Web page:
Our game begins to foot with the entrance of James Dynoth, who has just murdered the wealthy businessman Peter Gildare and returned to his home preparatory to fleeing to the safety of the Citadel. He is given twenty minutes to pack and depart. About fifteen minutes in, he turns around to find an ominous black-clad figure standing behind him. The Shadow was too late to save the dying man, but not too late to hear his dying words. Among these words were “The Yellow Door.” We are about to find out exactly what this means when twenty past eight hits and a) Dynoth’s nerve gives out and he crunches his suicide capsule, b) a machine gun opens up on the house, c) the house explodes. The Shadow escapes with some injury, but does have a lead to follow up on: a man named Ferris Krode, who works in Cleveland and knows about The Yellow Door.
Meanwhile, millionaire businessman Dudley Birklam is confiding in Vic Marquette. Birklam has been approached by a man named Ferris Krode and warned that certain courses of action will lead to trouble for him and his business. He fears that Krode is involved with the prior deaths, of which Gildare’s was typical. Marquette promises government protection to big business, because of course he does.
The Shadow has carried this deduction still further, and has a man on the spot. And it’s Harry Vincent. Now, normally this would result in Harry getting slugged over the head, kidnapped, or shot at, but in this case Harry actually manages not only to bluff Krode into thinking that he’s there for the 11:00 meeting with “Mandon,” he also turns around and manages to convince the real Mandon that he’s Krode, uncovering valuable information the entire time.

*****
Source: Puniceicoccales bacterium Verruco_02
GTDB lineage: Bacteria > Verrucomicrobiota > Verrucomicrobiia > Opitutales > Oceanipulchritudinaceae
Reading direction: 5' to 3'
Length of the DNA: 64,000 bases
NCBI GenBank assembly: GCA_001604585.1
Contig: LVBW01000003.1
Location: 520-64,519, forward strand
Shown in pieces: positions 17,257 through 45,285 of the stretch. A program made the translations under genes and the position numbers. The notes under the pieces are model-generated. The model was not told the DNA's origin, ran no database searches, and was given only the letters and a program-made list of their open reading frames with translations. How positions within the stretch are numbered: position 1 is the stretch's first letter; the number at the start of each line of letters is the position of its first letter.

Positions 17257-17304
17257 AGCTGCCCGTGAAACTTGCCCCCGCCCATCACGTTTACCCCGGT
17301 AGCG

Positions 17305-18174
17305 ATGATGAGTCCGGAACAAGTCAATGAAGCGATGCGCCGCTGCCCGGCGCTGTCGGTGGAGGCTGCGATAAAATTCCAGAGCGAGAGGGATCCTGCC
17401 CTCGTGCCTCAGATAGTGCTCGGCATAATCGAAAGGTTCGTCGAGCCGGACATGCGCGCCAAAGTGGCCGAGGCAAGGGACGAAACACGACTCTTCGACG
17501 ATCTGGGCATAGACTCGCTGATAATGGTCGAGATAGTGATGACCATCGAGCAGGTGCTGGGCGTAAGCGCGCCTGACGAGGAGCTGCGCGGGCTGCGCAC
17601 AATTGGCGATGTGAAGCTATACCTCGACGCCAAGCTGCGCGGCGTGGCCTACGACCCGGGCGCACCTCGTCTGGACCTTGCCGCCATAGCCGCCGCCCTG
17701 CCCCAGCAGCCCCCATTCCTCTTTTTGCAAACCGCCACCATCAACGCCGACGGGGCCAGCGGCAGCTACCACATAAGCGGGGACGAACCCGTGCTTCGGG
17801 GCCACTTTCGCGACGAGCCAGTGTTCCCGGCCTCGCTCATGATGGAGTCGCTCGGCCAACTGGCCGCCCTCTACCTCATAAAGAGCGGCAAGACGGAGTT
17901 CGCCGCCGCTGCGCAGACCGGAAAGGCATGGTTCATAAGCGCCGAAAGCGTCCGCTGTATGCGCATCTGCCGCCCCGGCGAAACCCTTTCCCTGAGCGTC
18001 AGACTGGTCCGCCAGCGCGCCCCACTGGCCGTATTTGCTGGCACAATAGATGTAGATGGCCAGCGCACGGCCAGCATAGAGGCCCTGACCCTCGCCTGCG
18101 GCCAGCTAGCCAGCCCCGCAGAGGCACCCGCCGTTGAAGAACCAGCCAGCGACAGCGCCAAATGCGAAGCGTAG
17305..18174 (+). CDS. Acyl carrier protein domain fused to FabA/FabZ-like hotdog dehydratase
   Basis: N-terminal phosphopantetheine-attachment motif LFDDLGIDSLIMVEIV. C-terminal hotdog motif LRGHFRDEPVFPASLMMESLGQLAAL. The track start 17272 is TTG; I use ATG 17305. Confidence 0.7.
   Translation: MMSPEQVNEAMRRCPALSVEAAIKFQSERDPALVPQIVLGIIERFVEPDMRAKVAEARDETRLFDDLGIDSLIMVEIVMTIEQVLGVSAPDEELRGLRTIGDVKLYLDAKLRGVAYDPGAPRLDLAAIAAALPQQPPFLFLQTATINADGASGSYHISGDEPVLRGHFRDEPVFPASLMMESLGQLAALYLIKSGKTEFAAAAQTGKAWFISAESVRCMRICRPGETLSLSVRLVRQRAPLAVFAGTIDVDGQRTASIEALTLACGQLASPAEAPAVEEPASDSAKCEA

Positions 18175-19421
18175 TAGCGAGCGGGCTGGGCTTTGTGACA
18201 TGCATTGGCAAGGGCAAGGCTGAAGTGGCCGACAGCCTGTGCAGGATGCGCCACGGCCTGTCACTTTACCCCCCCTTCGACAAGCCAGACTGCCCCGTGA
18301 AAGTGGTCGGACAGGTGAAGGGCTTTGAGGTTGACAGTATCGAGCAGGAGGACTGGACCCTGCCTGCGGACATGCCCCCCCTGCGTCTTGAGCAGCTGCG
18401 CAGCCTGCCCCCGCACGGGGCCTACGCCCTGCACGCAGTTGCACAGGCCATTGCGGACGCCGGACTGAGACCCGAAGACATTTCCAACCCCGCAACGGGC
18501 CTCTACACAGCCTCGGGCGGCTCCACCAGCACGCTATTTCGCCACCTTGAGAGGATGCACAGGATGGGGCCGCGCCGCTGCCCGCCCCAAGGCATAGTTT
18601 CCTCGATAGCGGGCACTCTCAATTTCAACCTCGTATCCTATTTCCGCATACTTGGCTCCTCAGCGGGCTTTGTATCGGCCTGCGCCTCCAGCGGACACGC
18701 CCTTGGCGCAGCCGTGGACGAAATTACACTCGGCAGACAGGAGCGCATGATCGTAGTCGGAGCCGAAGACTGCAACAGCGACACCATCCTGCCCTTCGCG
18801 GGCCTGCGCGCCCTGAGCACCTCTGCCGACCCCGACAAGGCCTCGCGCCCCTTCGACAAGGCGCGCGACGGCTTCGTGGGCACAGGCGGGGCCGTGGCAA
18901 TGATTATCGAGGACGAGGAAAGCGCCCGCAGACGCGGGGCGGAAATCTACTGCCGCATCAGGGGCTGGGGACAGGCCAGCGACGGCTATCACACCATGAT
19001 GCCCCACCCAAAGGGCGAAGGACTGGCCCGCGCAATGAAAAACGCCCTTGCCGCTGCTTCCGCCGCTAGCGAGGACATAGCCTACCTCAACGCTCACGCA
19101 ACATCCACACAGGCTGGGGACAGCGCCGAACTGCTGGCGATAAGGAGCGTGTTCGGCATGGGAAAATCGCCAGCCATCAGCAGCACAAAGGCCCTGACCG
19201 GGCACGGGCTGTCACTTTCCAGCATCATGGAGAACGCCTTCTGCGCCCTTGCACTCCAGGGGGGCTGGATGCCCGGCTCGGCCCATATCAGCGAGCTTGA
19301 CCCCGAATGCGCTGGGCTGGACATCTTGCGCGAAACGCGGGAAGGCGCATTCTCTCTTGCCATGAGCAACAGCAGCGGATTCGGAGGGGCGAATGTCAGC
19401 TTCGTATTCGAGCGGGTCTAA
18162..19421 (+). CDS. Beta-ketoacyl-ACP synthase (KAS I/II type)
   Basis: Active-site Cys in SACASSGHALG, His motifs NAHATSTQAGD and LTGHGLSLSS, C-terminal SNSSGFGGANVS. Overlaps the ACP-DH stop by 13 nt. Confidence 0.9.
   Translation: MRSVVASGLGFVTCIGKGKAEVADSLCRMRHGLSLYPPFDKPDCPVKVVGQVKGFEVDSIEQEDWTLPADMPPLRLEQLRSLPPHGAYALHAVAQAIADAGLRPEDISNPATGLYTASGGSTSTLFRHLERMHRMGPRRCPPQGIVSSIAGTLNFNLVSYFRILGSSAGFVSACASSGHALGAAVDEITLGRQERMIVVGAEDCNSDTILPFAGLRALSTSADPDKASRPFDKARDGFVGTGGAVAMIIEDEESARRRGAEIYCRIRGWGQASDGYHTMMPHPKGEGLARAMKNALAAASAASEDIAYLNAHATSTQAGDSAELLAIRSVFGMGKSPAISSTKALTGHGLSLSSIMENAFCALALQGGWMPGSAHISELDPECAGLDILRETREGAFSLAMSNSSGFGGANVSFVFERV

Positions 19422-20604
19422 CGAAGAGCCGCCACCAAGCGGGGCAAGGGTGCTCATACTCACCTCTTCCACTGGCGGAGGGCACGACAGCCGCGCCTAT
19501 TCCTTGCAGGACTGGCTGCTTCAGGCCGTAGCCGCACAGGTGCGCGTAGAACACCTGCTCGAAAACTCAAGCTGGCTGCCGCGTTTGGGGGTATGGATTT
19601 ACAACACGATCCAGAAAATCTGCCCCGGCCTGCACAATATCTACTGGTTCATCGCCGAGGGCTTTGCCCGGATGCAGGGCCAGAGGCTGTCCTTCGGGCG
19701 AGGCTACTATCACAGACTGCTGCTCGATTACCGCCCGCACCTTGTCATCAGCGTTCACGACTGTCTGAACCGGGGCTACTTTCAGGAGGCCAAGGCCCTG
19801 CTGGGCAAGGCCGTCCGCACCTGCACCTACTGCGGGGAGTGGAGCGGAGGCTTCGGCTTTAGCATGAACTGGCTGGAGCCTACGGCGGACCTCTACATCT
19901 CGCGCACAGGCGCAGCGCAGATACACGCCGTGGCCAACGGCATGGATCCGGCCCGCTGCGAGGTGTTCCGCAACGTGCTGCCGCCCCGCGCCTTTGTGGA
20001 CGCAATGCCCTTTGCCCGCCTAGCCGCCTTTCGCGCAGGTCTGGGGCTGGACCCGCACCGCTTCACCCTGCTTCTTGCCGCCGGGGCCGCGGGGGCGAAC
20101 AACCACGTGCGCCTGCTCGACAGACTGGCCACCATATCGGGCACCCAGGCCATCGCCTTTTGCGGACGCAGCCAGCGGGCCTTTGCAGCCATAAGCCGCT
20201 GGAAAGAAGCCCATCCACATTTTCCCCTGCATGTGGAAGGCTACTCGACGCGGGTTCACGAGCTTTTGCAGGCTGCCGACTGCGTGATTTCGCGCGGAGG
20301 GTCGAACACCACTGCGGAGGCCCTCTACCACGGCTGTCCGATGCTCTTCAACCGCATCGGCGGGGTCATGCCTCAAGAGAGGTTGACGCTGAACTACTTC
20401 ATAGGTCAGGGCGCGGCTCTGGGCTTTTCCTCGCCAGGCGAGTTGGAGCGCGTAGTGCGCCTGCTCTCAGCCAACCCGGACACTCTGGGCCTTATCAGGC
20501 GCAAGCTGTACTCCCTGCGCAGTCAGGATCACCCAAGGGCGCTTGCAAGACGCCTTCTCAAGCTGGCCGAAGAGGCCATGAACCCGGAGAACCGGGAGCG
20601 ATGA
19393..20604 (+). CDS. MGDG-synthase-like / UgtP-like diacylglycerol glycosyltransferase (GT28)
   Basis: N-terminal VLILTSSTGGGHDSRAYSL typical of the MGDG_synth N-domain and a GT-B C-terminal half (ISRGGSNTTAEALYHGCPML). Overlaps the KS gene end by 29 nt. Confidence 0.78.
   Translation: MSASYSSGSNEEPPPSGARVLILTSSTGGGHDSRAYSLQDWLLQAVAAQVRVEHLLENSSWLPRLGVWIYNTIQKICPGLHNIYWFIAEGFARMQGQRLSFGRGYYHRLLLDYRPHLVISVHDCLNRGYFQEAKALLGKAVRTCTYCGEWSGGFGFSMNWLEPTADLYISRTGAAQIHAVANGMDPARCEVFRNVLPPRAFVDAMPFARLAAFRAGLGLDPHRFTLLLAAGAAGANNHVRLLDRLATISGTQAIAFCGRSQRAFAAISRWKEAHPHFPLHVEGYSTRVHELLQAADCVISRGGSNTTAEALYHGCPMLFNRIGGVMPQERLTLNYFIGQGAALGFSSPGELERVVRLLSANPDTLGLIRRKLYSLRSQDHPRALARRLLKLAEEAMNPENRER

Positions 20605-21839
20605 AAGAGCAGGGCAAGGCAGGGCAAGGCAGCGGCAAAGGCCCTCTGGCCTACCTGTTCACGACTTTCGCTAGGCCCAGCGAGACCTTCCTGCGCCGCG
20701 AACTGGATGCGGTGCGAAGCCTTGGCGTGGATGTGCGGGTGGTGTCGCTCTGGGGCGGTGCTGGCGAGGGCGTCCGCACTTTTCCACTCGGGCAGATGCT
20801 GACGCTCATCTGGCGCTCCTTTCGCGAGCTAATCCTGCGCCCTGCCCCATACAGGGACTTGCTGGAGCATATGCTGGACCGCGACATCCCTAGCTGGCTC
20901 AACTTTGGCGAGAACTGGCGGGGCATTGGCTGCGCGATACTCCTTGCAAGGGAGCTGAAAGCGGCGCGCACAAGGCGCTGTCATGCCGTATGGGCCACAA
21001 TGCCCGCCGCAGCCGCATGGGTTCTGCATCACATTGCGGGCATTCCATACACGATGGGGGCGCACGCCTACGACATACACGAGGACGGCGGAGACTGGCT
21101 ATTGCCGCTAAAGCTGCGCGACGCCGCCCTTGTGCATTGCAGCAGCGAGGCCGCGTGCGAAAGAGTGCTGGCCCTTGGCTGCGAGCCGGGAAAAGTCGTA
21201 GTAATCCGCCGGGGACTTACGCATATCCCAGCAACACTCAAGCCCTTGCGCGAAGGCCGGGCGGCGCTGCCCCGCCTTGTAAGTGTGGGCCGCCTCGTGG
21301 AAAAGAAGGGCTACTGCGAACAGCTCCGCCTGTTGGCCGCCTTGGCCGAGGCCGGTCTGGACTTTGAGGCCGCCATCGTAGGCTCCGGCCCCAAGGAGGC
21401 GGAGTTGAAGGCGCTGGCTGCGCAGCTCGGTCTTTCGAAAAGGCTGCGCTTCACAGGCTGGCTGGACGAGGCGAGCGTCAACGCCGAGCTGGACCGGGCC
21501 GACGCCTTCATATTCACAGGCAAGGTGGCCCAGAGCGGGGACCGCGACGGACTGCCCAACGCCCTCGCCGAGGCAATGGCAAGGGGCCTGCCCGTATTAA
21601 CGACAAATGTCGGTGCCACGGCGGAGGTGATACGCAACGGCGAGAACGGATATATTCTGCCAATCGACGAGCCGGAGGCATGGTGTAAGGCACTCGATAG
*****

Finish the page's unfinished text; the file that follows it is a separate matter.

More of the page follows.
The Yellow Door is a secret society of blackmailers, saboteurs, and industrial spies, running a multi-industry racket. It’s also an actual door, in a place called the Citadel, where the big shot is. Krode is the highest ranking man that The Shadow or Harry Vincent are able to discover, but he isn’t the big shot. And if he isn’t, who is…? The Shadow intends to find out, although he is substantially hindered at critical points by the not-so-cunning plans of Commissioner Weston. Like, seriously, Commissioner, stick to the budget and presiding over official breakfasts.
Another great thing is that having a proactive hero makes it easier to showcase that hero’s competence, as well. The Shadow already has a plan in place for the final battle–position the G-Men and have them rush in guns blazing once he, Burbank, and Harry Vincent have collaborated to locate the Citadel–but when he gets the information that the perimeter fence is electrified and the surrounding hillside is mind, The Shadow instantly adjusts his plans and orders his forces accordingly.
Overall, this story seems as though the author enjoyed writing it. There’s an eagerness to the descriptions and plot, and a relish to the action–and even a few witty flourishes, such as his description of Guzzler’s Joint:
The proprietor was leaning on the bar, his fat arms folded, surveying the customers with a pleasant grin. To Guzzler, the middle line of the room was like the bars of a cage; on one side, the monkeys – on the other, visitors to the zoo. In comparing the boastful thugs and the society habitues, Guzzler had never yet decided which were the apes and which the humans. Guzzler was philosophical as well as imaginative.
Rated: I liked this book and reading it made me happy.